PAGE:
RANWORTH, DETAIL OF FLYING BUTTRESS.
Mr. Fredk. Sumner, Photos.
this date, and must have had a long painting career behind him, but it is more probable that he was influenced by this Norwich school of religious painters than that the reverse was the case. We know that there was considerable intercourse between Burgundy and Kngland in the last years of the reign of Richard II. This Norwich retable is contemporary v ith the wonderful roof of Westminster Hall already referred to and described.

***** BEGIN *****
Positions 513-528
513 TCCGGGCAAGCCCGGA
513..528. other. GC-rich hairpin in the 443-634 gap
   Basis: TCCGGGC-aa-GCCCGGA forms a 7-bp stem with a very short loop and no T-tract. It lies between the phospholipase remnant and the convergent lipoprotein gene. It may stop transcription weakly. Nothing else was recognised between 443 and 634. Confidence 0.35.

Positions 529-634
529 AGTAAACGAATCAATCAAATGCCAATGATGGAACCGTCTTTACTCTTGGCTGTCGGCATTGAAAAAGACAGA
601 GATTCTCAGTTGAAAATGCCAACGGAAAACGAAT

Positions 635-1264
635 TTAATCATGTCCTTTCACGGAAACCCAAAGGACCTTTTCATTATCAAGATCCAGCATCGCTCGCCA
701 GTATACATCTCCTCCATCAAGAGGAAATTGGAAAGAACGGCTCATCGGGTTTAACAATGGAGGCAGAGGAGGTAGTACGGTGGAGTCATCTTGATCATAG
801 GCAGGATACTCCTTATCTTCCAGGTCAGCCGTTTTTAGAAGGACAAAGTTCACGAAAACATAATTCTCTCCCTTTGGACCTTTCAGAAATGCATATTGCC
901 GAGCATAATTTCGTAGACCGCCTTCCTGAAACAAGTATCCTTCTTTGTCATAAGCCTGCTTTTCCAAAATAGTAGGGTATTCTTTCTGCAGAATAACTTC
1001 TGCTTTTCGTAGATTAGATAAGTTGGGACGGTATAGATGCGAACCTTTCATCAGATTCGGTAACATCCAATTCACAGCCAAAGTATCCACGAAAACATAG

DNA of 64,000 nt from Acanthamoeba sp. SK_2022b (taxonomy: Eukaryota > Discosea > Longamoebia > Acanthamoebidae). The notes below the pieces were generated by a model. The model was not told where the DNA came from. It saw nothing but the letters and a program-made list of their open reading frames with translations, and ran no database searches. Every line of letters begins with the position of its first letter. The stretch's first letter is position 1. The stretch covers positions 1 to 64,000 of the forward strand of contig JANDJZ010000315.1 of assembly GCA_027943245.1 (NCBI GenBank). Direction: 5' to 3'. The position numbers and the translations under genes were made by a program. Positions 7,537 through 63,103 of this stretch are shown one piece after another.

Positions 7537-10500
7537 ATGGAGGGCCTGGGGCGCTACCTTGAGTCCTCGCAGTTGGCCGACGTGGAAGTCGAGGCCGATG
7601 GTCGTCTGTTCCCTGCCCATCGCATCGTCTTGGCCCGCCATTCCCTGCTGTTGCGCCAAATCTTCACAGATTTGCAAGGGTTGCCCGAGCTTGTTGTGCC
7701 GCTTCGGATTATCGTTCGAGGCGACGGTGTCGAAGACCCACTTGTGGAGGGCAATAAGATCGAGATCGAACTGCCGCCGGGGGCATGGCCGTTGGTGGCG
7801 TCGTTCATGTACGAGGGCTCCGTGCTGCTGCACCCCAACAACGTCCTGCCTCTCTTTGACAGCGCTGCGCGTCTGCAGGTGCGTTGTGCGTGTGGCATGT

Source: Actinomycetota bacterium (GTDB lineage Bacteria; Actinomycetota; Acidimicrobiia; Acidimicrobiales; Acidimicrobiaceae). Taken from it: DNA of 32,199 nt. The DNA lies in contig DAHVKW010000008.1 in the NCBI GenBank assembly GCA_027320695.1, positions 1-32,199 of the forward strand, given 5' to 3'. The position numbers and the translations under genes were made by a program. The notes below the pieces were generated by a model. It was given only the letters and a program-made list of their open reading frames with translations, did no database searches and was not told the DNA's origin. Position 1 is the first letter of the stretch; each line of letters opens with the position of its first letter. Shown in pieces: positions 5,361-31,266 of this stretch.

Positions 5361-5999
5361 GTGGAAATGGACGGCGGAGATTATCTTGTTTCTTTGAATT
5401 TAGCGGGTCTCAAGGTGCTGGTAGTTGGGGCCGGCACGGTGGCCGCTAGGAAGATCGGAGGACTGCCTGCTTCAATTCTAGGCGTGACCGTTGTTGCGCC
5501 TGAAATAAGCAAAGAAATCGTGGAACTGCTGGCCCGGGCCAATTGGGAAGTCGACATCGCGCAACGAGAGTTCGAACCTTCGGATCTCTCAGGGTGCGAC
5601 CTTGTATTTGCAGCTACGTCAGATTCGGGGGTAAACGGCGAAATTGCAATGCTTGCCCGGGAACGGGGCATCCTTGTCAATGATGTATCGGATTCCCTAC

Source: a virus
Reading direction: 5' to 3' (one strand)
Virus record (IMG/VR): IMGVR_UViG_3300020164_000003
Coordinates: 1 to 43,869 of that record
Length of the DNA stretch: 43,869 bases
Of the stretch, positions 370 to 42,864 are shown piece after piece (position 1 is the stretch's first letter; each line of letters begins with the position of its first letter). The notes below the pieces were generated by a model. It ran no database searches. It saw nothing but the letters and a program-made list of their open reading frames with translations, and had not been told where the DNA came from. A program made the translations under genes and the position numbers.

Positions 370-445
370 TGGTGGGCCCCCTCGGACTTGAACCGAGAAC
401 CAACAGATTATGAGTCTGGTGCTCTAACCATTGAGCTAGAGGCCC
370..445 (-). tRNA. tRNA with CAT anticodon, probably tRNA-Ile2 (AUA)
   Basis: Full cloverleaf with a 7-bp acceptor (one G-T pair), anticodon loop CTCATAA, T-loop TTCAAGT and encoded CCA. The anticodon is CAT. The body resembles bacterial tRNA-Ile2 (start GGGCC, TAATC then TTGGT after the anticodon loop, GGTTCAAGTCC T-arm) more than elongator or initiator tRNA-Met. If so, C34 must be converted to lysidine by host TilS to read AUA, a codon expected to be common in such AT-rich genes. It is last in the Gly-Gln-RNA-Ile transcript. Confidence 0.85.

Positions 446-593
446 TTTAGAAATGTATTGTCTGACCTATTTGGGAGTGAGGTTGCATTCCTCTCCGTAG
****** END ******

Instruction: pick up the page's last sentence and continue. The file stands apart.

A considered judgment must conclude that this retable is of English workmanship and painting, one of the few, if not the only remaining example of a school of religious painters of the late fourteenth century. It is as remarkable for its technique as for its inspiration, considering that it is within half a century of Cimabue and Giotto. It must have inspired much of the fifteenth-century work in the panels of chancel screens, which have now to be considered and illustrated.
In the Church of St. Michael-at-Plea, Norwich, is a reredos formed of several painted panels which, although upwards of a century later than the Norwich example, still
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